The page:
Over the years, both in your games and in other campaigns with other groups, your players have developed a set of expectations about the way things usually go.
Orcs? Always evil, dumb and brutal.
Their mysterious patron? Always mysterious.
The black-robed guy in the tavern who offered them a job? Always planning to backstab them in the end.
That NPC who’s never had a kind word for the party? Always a dick.
There’s nothing inherently wrong with “always,” but it can get old. Don’t be afraid to do something different with campaign elements that are common RPG tropes, or that are common to your games.
Just make sure those changes make sense in the context of the game world (Why are these orcs our buddies? Why did our patron reveal herself?), don’t overdo it and have fun with them — your players are likely to appreciate the results.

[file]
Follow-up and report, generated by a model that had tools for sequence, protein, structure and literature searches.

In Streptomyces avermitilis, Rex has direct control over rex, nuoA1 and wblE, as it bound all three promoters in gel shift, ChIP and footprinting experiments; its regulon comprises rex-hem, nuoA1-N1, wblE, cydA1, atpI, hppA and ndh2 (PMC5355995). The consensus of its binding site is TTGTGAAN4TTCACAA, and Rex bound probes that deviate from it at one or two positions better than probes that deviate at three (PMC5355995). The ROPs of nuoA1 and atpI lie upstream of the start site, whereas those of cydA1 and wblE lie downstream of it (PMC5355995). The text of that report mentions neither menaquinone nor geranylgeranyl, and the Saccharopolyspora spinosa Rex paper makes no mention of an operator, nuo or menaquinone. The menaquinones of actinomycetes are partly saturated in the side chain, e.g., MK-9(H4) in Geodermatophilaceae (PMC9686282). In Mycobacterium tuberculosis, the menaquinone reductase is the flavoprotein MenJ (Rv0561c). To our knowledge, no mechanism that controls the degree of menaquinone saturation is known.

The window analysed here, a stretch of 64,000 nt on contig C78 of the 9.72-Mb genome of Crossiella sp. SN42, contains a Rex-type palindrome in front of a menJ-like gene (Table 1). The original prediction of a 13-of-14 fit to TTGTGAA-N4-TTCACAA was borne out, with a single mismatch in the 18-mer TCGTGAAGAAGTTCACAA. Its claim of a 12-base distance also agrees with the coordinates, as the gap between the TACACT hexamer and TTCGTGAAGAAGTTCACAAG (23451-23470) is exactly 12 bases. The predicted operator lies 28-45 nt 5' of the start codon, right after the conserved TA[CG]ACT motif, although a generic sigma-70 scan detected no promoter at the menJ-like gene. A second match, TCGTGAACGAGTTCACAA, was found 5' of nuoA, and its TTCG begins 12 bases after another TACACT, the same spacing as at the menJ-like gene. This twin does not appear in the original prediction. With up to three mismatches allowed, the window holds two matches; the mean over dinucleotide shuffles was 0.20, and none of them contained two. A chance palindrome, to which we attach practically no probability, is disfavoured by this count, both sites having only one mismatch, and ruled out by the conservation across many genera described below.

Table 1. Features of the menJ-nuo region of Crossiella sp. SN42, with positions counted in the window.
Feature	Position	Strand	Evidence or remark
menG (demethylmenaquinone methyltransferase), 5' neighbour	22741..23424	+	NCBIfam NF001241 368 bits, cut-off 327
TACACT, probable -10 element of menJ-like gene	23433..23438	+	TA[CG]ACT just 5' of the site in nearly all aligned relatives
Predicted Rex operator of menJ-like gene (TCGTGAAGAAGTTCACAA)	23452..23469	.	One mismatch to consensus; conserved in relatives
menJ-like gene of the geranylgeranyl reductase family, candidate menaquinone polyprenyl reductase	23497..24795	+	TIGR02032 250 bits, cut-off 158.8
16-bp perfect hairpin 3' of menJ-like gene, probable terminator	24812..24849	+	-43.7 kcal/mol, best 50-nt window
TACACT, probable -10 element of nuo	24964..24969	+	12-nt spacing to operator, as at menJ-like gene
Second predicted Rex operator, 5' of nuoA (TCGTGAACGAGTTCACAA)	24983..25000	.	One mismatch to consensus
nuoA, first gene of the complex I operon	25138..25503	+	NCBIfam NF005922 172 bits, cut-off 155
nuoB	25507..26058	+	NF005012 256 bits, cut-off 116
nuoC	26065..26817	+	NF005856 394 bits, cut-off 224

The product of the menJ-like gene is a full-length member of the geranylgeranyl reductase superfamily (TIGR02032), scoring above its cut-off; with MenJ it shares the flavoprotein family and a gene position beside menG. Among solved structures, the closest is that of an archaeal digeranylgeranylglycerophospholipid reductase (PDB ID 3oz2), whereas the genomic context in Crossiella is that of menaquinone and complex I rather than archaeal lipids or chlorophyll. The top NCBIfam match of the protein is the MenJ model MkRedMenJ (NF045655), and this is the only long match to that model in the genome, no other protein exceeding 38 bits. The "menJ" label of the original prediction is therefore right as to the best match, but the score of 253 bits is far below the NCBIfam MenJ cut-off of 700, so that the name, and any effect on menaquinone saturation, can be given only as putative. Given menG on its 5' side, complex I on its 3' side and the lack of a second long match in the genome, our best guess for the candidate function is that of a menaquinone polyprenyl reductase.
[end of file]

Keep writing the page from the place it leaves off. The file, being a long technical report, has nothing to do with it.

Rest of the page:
or play a campaign setting that assumes such variety (i.e. – Eberron). 😉
I don’t think my main gaming group has ever had anything consistent about it’s games . . save that they always play anti-heroes. They tend to play the get the job done by any means possible type of people. They don’t really worry about the consequences, and have just as much fun being chased by the town guards, as fighting the evil bad guy.
I think I will run a game for them where they are scrutinized for doing bad things. Have a good/evil meter and the number of points on the “evil” scale get subtracted from their experience. The setup and pitch to the group will be interesting, but it will make for a really good change of pace.